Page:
Since the publication of “The Stick Chair Book,” I’ve received many complaints that some of the tools I use in the book are expensive or there is a wait list to receive them. Most notably, the Veritas Tapered Tenon Cutters, Veritas Tapered Reamers (Large) and Veritas Power Tenon Cutters. Also, people gripe about the expense of scorps and travishers.
My goal with “The Stick Chair Book” was to keep the tool kit as small as possible, without asking readers to make the whole chair using only a pocketknife.
So the criticism stung a bit because I thought my tool list was quite reasonable.
During the last six months, I have tried out a lot of new tools and methods to see if I could make the tool list even cheaper and more accessible. Many of these experiments were expensive failures. (Don’t buy the Lumberjack tenon cutters. Just don’t. Anyone want to buy a set of Lumberjack tenon cutters?)
But I have had a few “a-ha” moments, which I am going to share here. Here is the first of several ways to reduce your tool bill.
Aside from the legs, almost all of the rest of the joints in a stick chair can be 5/8” in diameter. I’ve used the Veritas Power Tenon Cutter (the 5/8” is $99.90) for many years and love it. There can be a wait to buy these, and some people consider them expensive.
As an alternative, I decided to investigate plug cutters, which are used to make wooden plugs and sometimes tenons using a drill press. Most plug cutters warn you to use the tool only in a drill press. But I thought there was a way to make them work in a brace or handheld electric drill.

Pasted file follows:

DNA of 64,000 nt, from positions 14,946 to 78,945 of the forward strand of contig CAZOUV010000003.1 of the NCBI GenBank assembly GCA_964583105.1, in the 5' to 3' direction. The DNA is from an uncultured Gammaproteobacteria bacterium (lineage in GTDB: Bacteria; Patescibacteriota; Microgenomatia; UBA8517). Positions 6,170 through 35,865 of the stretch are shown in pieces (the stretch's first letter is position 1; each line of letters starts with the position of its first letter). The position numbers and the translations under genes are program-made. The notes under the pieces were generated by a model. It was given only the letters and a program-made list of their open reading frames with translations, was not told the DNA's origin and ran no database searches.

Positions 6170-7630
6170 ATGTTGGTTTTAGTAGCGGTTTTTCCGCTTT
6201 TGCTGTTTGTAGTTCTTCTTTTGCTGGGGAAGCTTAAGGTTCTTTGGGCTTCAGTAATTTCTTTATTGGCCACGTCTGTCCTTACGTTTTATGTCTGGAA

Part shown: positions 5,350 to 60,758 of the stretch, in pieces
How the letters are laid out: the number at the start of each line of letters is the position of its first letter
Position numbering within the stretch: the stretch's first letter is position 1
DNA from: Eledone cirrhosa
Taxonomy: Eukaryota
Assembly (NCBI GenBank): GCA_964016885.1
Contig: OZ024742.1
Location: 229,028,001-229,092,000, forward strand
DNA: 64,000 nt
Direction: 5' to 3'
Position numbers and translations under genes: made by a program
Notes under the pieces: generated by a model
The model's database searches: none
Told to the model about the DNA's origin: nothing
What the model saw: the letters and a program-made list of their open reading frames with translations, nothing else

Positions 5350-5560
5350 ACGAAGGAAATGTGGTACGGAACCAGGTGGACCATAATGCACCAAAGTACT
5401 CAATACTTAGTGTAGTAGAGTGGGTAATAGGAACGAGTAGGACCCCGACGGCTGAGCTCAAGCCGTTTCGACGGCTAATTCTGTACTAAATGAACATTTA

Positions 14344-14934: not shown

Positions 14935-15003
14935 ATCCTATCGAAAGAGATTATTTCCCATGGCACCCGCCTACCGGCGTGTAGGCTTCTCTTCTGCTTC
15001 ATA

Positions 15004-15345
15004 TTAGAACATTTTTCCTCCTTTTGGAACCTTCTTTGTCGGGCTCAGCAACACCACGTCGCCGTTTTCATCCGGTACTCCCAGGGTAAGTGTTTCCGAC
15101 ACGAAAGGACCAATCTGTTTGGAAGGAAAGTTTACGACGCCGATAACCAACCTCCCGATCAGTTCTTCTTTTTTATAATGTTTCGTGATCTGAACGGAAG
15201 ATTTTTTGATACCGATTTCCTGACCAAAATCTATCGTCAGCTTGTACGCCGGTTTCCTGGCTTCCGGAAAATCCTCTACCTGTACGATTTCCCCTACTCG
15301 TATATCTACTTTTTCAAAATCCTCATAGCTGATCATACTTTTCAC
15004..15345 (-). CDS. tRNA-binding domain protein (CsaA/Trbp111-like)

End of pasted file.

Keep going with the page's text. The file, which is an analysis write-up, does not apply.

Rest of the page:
I was right. All you have to do is taper the end of your stock so it fits inside the mouth of the plug cutter. Then you can easily shave the tenon with a plug cutter that’s powered by a drill or brace.
To get the tenons perfect, you need your stock to be held level in a vise. And you need the tool to also be level. Plug cutters don’t come with levels installed on them. But you can epoxy an inexpensive bubble level (they are less than $1 each) to your drill (or the chuck of your hand-powered brace) to do the job.
A premium 5/8” plug cutter is $26. You can get utility ones for a few dollars. If you want to make it easy to taper the end of the stock consistently before cutting the tenons, also buy a chamfer/deburring cutter ($10). These are normally used to chamfer the ends of steel bolts, so they do a fine job on wood.
— Christopher Schwarz
P.S. Yes, I know you can make the 5/8” tenons with a block plane alone. I consider it a tedious technique when I have 16 sticks that have to be tenoned perfectly on both ends.